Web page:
Colorado House Votes To Protect Clean Air

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Environment Colorado

DENVER—Hours ago, representatives from both sides of the aisle voted to pass HB-1309 to protect air quality and public health in Colorado.

Currently, state law binds Colorado’s air quality protections to federal minimum standards. HB-1309 would allow Colorado to maintain current air quality protections when federal rollbacks would lower pollution control standards or allow increases in emissions, putting control over Coloradans’ health back under state control.

Many Western states including neighboring Wyoming, Arizona, and Kansas already have the local control that Colorado is seeking to regain.

Local governments welcome the increased state authority.

According to Gregg Thomas Environmental Compliance Supervisor at the City and County of Denver, “We applaud the house’s move to increase state authority to protect air quality. The anti-backsliding measures in HB-1309 to allow Colorado to prevent the rollback of air quality regulations will benefit all Coloradans.”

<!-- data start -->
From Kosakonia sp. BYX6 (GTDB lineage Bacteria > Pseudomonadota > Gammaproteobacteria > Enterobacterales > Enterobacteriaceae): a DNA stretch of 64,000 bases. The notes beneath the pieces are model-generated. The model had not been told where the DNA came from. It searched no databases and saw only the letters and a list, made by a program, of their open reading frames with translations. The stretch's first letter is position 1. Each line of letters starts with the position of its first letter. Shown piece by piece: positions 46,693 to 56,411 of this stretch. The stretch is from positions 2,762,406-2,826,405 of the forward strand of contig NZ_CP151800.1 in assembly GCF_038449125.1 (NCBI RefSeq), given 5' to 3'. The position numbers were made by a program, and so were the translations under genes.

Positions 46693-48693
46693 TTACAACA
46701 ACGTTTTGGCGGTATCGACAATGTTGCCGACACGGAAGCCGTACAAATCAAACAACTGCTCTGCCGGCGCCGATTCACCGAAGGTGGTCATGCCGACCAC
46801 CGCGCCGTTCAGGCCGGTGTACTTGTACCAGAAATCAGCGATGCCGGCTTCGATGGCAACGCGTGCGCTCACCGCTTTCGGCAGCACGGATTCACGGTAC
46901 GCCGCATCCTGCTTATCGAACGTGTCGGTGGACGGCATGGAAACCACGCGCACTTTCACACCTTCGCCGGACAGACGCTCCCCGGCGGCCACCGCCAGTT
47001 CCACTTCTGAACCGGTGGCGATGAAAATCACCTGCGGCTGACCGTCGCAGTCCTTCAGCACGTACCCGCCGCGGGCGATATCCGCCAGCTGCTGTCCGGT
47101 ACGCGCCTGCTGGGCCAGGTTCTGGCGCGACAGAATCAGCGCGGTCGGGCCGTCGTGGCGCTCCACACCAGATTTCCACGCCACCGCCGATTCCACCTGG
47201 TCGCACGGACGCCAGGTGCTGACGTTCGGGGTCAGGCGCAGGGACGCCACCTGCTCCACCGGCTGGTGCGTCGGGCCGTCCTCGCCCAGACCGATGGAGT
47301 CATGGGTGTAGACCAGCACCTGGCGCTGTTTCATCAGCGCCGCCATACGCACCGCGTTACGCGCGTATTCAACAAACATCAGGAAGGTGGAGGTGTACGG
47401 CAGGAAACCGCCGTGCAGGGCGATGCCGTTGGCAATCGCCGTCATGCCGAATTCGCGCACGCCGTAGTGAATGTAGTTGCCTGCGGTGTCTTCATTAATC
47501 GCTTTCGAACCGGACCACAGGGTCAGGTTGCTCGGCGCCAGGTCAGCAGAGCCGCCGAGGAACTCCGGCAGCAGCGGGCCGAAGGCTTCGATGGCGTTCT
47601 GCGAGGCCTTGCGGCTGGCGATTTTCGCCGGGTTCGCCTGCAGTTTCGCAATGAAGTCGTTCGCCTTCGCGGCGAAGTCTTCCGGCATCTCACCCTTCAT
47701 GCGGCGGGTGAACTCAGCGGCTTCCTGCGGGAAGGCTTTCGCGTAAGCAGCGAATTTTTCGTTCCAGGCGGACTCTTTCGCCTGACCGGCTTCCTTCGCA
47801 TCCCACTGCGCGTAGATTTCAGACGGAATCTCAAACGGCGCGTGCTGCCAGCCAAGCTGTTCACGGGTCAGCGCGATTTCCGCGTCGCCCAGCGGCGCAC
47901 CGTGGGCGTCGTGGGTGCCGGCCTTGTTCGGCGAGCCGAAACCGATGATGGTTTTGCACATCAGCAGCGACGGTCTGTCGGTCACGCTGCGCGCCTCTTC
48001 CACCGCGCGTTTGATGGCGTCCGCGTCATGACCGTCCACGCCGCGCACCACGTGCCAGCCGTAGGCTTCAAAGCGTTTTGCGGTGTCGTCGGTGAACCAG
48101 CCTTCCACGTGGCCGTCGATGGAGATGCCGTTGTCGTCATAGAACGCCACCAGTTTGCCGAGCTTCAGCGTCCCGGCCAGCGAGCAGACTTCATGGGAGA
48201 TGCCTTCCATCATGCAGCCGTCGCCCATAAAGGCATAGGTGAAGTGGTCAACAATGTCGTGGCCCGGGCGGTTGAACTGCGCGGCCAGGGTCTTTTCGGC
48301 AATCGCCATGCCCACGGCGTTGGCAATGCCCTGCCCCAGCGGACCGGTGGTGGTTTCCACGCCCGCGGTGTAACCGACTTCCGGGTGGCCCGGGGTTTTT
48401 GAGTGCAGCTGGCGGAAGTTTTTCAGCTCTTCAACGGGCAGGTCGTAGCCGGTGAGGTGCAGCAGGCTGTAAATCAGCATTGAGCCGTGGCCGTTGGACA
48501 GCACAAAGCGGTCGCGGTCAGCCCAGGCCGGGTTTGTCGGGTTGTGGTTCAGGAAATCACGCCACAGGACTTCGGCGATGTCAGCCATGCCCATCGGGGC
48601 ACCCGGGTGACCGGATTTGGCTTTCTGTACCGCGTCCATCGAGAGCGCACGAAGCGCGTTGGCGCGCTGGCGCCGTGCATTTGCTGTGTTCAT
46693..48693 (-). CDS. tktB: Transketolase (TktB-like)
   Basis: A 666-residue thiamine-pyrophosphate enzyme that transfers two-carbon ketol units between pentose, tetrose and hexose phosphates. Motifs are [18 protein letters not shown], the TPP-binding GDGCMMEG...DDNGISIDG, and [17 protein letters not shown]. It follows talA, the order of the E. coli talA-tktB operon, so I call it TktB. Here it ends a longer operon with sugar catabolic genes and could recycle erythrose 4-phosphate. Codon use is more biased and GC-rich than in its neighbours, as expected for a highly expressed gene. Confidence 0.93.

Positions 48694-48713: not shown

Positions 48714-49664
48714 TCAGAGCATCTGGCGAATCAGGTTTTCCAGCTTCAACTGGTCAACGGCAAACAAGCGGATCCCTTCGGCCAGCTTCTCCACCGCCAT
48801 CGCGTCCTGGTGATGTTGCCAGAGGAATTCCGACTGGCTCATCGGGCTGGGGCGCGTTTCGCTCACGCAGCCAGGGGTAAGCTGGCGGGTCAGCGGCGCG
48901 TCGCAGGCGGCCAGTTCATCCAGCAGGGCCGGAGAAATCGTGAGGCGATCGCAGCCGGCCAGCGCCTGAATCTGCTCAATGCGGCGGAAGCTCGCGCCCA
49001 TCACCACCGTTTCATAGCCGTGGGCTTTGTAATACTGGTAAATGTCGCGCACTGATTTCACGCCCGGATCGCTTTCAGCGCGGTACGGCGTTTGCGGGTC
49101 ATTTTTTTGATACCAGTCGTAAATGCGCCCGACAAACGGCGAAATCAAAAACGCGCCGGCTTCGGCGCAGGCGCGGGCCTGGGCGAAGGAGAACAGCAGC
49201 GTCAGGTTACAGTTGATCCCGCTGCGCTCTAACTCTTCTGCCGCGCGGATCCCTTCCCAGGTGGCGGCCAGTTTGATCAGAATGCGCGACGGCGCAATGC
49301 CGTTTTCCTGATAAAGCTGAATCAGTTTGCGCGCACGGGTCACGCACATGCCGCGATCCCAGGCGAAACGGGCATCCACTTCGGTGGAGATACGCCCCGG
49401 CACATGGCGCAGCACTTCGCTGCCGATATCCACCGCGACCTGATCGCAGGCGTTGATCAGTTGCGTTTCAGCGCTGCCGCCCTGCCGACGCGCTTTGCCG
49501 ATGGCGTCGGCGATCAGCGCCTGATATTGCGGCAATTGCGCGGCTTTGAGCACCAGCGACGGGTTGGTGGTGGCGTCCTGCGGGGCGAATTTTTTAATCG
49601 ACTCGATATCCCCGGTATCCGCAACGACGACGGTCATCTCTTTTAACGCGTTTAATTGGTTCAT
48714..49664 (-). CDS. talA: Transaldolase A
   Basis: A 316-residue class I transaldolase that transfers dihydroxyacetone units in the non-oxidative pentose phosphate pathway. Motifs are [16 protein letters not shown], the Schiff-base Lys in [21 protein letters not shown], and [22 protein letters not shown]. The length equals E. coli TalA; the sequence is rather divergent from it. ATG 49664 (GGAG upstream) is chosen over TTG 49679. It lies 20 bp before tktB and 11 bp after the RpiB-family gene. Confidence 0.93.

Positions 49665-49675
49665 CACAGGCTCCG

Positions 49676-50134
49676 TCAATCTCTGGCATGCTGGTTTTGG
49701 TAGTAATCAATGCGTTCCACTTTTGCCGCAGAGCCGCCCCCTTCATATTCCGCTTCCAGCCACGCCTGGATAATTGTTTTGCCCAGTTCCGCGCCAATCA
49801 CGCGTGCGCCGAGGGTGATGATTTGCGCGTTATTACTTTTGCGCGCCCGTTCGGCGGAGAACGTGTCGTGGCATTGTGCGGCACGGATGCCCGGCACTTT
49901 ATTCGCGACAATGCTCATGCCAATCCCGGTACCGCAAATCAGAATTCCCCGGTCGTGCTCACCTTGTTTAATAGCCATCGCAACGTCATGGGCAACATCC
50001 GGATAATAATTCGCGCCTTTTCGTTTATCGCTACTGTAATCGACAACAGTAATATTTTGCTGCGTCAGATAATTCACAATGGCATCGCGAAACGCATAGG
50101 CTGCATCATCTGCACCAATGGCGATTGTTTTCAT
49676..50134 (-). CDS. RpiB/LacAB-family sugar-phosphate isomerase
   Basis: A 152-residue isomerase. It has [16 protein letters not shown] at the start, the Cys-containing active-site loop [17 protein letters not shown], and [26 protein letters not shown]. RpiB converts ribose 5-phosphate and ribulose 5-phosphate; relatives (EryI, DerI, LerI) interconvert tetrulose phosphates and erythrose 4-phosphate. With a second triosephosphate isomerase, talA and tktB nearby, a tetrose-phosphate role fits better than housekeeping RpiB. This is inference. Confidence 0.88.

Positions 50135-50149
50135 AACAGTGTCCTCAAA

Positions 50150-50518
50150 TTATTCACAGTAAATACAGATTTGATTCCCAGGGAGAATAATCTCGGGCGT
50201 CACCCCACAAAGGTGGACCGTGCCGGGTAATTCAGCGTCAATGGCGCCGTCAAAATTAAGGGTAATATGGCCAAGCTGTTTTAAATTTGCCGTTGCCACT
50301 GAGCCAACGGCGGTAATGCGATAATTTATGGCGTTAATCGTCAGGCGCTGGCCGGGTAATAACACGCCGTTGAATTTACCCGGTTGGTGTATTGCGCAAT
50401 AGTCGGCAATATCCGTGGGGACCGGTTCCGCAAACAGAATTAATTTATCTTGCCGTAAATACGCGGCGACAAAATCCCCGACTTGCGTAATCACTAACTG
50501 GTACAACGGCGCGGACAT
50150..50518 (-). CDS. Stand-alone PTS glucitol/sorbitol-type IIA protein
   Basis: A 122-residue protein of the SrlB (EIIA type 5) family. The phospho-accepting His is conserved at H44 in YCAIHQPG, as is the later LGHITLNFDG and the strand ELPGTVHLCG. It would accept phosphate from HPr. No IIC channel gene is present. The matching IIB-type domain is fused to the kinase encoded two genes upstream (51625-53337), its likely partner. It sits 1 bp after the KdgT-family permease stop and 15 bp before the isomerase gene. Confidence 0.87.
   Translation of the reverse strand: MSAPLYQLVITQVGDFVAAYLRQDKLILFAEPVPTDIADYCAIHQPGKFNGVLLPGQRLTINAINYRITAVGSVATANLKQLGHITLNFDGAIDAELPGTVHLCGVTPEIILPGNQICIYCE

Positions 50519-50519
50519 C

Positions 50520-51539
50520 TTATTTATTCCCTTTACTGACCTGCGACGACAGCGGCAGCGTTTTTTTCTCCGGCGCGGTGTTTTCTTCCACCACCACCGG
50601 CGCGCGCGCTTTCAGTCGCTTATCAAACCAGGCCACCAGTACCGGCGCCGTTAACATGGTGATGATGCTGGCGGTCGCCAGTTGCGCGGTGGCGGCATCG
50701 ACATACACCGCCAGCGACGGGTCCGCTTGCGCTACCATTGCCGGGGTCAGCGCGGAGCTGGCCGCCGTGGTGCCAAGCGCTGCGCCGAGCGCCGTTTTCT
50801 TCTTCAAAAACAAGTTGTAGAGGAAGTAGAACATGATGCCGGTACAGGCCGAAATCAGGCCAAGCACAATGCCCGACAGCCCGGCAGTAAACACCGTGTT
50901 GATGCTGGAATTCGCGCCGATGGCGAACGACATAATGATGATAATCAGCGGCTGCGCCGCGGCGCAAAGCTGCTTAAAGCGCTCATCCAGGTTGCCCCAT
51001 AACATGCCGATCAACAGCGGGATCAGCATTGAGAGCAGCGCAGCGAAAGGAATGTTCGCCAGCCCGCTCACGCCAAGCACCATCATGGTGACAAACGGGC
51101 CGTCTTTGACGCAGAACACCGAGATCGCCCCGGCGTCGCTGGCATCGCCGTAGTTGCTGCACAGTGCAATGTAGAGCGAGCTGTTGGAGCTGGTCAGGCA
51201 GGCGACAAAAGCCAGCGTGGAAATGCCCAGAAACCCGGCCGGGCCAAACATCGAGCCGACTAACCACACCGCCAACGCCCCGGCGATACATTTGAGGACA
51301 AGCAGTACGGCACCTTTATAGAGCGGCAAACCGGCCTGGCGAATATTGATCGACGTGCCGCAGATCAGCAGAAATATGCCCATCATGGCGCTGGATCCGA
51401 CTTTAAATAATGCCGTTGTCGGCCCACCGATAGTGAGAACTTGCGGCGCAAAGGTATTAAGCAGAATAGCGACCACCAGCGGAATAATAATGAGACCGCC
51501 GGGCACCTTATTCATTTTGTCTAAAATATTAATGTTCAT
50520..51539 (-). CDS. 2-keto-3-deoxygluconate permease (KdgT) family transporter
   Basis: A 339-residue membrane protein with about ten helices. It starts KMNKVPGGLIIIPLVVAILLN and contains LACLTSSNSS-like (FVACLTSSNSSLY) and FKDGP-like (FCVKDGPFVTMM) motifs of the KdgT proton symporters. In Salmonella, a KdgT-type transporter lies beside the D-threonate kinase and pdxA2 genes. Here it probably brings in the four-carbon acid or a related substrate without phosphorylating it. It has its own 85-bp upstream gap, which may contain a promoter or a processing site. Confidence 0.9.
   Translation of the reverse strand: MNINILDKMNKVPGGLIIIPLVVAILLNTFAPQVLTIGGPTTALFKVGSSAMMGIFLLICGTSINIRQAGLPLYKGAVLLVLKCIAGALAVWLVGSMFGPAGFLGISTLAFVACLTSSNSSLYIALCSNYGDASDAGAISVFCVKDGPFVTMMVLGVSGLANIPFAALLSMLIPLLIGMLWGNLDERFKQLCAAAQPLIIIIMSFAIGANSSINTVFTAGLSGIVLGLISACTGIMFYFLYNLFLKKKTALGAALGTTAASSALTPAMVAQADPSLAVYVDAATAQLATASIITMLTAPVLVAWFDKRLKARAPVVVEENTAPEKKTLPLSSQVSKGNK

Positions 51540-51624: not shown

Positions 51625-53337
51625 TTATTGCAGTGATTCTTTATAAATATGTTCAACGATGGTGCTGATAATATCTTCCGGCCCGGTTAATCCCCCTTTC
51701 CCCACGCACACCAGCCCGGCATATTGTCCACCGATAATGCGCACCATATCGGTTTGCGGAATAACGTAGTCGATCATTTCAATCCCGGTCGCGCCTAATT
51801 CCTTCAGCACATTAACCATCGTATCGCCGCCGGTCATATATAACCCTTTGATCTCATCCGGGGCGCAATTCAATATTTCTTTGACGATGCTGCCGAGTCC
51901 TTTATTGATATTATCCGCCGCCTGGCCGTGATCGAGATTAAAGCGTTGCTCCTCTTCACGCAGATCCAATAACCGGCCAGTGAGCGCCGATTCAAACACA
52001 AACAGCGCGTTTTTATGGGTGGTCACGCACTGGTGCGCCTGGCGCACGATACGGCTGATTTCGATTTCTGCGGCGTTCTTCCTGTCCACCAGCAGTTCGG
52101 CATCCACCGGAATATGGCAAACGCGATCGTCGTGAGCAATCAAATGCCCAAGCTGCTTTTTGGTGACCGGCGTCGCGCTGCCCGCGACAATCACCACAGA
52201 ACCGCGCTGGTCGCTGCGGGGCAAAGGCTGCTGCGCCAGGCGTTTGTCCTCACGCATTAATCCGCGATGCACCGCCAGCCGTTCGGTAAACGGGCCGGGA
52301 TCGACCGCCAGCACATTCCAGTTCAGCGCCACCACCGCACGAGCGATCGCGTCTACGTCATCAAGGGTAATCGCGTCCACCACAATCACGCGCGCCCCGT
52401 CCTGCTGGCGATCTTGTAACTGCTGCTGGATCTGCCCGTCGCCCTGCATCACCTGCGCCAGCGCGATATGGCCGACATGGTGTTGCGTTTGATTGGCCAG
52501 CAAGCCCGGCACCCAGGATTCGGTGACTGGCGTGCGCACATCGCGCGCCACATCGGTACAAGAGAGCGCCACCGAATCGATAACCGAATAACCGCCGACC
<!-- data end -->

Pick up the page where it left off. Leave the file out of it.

The push for more state power to protect public health comes in the aftermath of proposed federal rollbacks to air quality laws that would dramatically increase the amount of pollution power plants and industrial sources in Colorado are allowed to produce.

These rule changes, which would allow industrial sources in Colorado to increase emissions of smog forming volatile organic compounds by up to 93%, have public health advocates concerned.

“Colorado has the second highest incidence of asthma of any state in the nation and more than 175,000 people living with chronic obstructive pulmonary disease,” said Will Coyne of Environment Colorado. “The last thing we need is more smog in our air.”

Colorado already struggles with mercury, smog, and haze pollution. Colorado’s Mesa Verde National Park recorded the third highest atmospheric mercury concentration in the nation in 2003 and so much mercury washes out of our air the fish from 6 lakes in Colorado are unsafe to eat. Colorado exceeded federal health standards for ozone (smog) 60 times in 2003 and areas across the state still struggle to meet minimum standards. Haze obscures views throughout Colorado. Even low levels of particulate pollution damage health and our tourist economy.

“Federal rollbacks are bad for Colorado’s health, economy, and environment” said Silverman. “HB-1309 would allow Colorado to protect our state when the federal government won’t.”

A diverse coalition including the public health officials, public health advocates, religious groups, local governments, labor unions, agricultural groups, rallied behind HB-1309 to support cleaner air in Colorado.